What is it about blogging that people don’t like?
It’s a question that came to mind after reading a USA Today article about how corporate blogging is on the decline, mostly because Facebook and Twitter are so much easier.
The article’s angle was based on a University of Massachusetts Dartmouth study, published earlier this year, suggesting the percentage of companies that had blogs fell to 37% in 2011 from 50% in 2010.
The study attracted a lot of attention but if you scratch beneath the surface, there are flaws that call into question whether it’s accurate or reflective of the overall corporate landscape.
It goes on to quote several corporate spokespeople about why they don’t blog or dropped their blog. But the coup de grace is a quote from Lou Hoffman, the CEO of the Hoffman Agency, who said many “corporate blogs fail to attract readers because they exist solely to pitch products and are badly written.” It there was an obvious statement, this is it.
Here’s the thing about blogs: They are challenging to do, they’re time-consuming and require people who have a good combination of good writing skills and creativity.
The upside is they can deliver a variety of content that can engage, entertain and/or educate existing or potential customers. This content doesn’t necessarily have to be all about the company and its product to do the job.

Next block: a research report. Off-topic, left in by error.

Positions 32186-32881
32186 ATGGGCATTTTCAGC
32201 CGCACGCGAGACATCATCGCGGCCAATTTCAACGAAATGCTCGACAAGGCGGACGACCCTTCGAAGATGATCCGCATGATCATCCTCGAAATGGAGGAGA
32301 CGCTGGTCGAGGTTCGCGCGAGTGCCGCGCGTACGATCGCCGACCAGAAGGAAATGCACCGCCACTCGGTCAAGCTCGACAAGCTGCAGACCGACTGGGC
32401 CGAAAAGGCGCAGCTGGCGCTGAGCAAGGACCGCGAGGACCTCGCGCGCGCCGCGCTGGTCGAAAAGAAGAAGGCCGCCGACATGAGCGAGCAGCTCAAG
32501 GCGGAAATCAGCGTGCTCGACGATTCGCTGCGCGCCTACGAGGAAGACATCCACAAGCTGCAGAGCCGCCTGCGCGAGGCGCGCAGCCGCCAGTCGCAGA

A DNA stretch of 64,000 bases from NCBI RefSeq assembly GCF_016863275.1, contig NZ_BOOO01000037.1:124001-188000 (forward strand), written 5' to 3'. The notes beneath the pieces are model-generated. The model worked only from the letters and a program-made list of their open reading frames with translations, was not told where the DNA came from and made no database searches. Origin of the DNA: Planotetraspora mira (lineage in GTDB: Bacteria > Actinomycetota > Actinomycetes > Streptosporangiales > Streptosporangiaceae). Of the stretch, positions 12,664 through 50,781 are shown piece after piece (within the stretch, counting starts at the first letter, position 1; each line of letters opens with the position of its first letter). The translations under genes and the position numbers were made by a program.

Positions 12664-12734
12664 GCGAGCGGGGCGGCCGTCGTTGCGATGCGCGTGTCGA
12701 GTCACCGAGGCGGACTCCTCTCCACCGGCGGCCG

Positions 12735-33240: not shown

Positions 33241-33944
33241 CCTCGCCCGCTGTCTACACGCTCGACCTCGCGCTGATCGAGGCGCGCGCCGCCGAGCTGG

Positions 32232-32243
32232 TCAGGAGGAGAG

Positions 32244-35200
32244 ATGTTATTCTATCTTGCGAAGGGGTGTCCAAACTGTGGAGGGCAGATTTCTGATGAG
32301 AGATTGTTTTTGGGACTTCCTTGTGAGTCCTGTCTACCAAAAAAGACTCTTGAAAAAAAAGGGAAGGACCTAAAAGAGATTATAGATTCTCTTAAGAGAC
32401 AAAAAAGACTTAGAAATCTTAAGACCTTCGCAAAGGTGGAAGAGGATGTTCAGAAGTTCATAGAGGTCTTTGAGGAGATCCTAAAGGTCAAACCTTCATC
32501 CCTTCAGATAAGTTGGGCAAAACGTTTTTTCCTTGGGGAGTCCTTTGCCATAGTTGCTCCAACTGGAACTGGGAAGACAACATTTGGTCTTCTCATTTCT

As well, a blog is a corporate assets, not an account “leased” from another company such as Twitter, Facebook, Pinterest, YouTube or LinkedIn. A company controls and manages its blog, and no one can change the rules or the look and feel at any time.
In a recent blog post, Mitch Joel made an excellent point that while blogs may not be easy, Twitter and Facebook aren’t easy either. Mitch said, for example, that tweeting, listening, engaging, following people and getting followers take a lot of time and effort.
At the end of the day, any social media activity requires a commitment of time and resources.
There are two important considerations when it comes to social media:”
1. It not which service is easier but which one will do the best job of letting you tell stories that resonate to target audiences.
2. The key being successful (however you want to define success) is using the tools as effectively, efficiently and creativity as possible.
In other words, it’s the tactical execution that determines whether a blog, Twitter or Facebook will hit the mark, irregardless of the time or effort involved.